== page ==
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. Last Updated: 07/27/2016

Russia Out in Force at China Show

ReutersA worker cleaning a Russian military aircraft booth in Zhuhai on Monday.
ZHUHAI, China -- Russia's aerospace companies were out in force as the world's aircraft makers gathered Monday for China's biggest air show, looking to the booming Chinese market to drive sales as their industry's growth slows elsewhere.

Boeing, Airbus and other companies from 18 countries were displaying aircraft, engines and other equipment at the five-day exhibition, which starts Tuesday in this southern Chinese boomtown near Hong Kong.

Russian companies were displaying warplanes and civilian aircraft, as well as missiles and military electronics, reflecting China's status as Moscow's leading arms export market and Russian ambitions to expand in commercial aviation.

Russian companies were showing civilian cargo and passenger planes and a giant military transport, while Boeing and Airbus displayed only scale models of their planes, with no full-size aircraft.

A five-member Russian military aerobatics team flying supersonic Su-27 fighters was scheduled to perform.

China is expected to be the fastest-growing market for commercial aircraft over the next two decades. Chicago-based Boeing said last week that it expected carriers to purchase 2,900 new planes worth $280 billion over that period.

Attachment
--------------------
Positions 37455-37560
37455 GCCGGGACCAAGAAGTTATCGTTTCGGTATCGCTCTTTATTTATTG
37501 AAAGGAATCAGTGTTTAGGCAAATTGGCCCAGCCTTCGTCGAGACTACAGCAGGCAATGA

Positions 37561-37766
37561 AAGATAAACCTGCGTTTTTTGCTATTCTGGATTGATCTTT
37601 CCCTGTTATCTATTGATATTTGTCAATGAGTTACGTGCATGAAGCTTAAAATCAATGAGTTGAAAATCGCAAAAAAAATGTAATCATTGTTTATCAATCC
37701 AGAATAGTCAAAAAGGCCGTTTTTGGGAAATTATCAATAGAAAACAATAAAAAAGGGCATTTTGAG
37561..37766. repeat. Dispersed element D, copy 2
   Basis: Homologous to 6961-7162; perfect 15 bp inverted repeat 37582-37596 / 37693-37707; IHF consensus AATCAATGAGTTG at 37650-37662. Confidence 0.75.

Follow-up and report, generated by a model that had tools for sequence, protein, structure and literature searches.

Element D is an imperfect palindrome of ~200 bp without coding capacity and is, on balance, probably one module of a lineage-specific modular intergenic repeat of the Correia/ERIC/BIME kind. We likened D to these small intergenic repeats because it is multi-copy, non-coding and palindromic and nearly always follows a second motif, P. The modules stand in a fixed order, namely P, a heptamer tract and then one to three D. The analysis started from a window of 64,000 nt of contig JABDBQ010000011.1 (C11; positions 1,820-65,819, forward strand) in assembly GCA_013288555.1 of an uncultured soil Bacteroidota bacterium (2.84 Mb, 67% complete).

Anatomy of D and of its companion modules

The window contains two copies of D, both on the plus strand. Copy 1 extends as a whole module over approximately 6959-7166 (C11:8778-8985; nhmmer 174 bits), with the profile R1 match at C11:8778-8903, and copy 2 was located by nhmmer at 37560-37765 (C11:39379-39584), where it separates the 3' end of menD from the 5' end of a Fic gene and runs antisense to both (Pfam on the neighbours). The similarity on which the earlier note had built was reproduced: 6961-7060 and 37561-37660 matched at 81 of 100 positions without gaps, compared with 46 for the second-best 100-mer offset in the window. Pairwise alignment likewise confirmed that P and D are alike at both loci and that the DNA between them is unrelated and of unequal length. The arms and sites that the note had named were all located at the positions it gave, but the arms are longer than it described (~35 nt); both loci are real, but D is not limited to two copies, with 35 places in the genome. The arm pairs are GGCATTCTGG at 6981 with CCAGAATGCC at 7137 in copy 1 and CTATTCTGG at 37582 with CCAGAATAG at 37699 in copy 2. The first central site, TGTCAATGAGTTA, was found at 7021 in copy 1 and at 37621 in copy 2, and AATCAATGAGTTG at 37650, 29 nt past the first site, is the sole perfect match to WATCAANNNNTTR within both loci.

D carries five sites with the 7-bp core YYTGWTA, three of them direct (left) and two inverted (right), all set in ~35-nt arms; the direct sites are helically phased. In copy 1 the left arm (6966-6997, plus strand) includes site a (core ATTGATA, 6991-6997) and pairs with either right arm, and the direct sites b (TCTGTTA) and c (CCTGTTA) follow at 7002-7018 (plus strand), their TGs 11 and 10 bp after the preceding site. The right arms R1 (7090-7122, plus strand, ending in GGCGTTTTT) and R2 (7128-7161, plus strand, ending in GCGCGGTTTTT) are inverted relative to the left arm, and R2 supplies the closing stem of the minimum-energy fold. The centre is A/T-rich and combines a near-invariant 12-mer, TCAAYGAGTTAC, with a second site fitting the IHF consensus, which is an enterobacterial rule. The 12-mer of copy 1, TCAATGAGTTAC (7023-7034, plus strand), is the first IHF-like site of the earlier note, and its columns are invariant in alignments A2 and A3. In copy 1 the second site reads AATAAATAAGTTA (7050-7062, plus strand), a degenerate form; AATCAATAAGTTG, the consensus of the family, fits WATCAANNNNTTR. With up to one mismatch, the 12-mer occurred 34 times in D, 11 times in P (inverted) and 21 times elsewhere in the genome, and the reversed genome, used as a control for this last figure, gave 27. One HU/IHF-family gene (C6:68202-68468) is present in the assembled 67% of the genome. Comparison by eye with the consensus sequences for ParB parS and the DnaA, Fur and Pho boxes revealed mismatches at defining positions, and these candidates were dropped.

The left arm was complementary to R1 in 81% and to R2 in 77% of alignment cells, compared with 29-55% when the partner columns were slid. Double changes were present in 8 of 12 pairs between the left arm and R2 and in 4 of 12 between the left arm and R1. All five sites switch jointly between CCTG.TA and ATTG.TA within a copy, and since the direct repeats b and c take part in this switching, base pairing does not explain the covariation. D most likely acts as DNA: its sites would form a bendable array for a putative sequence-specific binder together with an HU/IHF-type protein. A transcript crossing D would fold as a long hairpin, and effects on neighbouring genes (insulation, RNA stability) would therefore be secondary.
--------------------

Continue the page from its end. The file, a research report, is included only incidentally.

Held every two years, the Zhuhai show is a platform for newcomers looking for a foothold in China's aircraft market and for its own fledging industry to show off its products.

Airbus, struggling with costly delays on its superjumbo A380, got a boost last week when China signed a deal to buy 150 A320 planes. At the same time, Toulouse, France-based Airbus signed agreements to open a final assembly line in China, its first outside Europe.

In Zhuhai, Airbus was displaying a 2.5-meter-long model of the A380.

No Western makers of military aircraft took part at Zhuhai, apparently due to U.S. and European weapons embargoes imposed on Beijing after its crackdown in 1989 on pro-democracy activists.

The Russian pavilion included booths for makers of Sukhoi and MiG fighter jets, anti-ship missiles, radar and military avionics, as well as Tupolev and Ilyushin passenger and cargo planes.

China accounted for 45 percent of Moscow's $6 billion in arms exports last year as Beijing upgraded its arsenal with Russian fighter jets, submarines and other high-tech weaponry, according to the Stockholm International Peace Research Institute, a think tank.

But despite Russia's prominent displays in Zhuhai, there was no indication that Mosow would be showing its most advanced aircraft, such as the Sukhoi-33 and Sukhoi-35 fighter jets. Russian military officials reportedly are uneasy about selling their best technology to China.